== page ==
What does a jib operator do?
Jib operators are camera operators who’ve also trained to use a jib (known as a Jimmy Jib).
A jib is a special kind of crane at the end of which you attach a camera; there’s a counterweight at the other end for balance. It’s used to capture a variety of shots, such as overhead or long sweeping moves, and can film a complete 360 degree shot. Jibs are lightweight alternatives to the cranes that are used for filming similar shots on large-budget films and TV dramas, so can be rigged in a shorter amount of time and used in smaller or more challenging locations.
Jib operators capture the shots that the camera supervisor or director asks for. They swing the jib to move the camera, creating moving shots while adjusting the pan, focus, tilt and zoom. They also set up the jib and maintain it, fixing mechanical issues as they arise, and they’re responsible for health and safety – jibs can be very hazardous.
Jib shots (sometimes known as boom shots) can be used on any productions but are particularly useful for filming sport. Jib operators often work on live productions and multi-camera productions. They are often freelance and sometimes even own their own equipment. Or they might be employed by an equipment rental company.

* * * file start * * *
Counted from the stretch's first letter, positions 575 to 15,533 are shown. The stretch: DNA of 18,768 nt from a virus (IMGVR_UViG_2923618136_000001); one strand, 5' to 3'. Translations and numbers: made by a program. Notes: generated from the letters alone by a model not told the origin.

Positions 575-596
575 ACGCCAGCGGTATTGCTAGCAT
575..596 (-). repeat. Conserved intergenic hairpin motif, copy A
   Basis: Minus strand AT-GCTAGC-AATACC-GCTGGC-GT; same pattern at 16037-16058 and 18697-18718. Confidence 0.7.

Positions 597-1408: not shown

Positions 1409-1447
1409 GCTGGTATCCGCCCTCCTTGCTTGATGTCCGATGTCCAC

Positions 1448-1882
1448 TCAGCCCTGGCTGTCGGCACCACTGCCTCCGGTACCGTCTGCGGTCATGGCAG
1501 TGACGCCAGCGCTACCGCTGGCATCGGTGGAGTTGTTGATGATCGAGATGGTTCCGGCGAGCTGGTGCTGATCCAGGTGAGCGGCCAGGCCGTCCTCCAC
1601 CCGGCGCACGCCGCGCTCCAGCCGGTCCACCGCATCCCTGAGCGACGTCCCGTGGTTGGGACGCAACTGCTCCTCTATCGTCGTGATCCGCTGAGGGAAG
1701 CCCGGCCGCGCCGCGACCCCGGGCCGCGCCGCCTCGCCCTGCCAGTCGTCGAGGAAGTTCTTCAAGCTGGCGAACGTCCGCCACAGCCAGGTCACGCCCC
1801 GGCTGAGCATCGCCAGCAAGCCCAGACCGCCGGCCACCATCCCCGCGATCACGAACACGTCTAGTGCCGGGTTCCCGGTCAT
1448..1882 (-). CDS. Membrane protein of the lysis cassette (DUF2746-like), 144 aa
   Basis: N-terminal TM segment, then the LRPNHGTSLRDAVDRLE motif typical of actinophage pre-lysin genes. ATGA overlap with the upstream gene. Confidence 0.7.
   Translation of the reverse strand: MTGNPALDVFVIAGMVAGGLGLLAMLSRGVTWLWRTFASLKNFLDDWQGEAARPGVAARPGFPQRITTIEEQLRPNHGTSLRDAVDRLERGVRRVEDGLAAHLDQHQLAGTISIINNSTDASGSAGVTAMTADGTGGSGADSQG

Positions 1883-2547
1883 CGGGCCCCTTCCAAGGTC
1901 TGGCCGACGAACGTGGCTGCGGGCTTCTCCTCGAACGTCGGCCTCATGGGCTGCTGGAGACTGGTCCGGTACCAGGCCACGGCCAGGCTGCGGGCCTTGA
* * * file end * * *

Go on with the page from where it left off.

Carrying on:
What's a jib operator good at?
- Photography: have a good eye and understanding of composition, light, colour, focus and framing
- Knowledge of cameras and supports: understand how cameras and jib arms work, and how to operate the dollies or pedestals to which they’re attached
- Communication: listen, do what’s asked and ensure everyone knows what you are doing and where you are taking the jib
- Health and safety: know how to operate the jib safely, be aware of those around you and the environment you are working in
- Lifting: know how to move heavy kit safely, be physically fit and resilient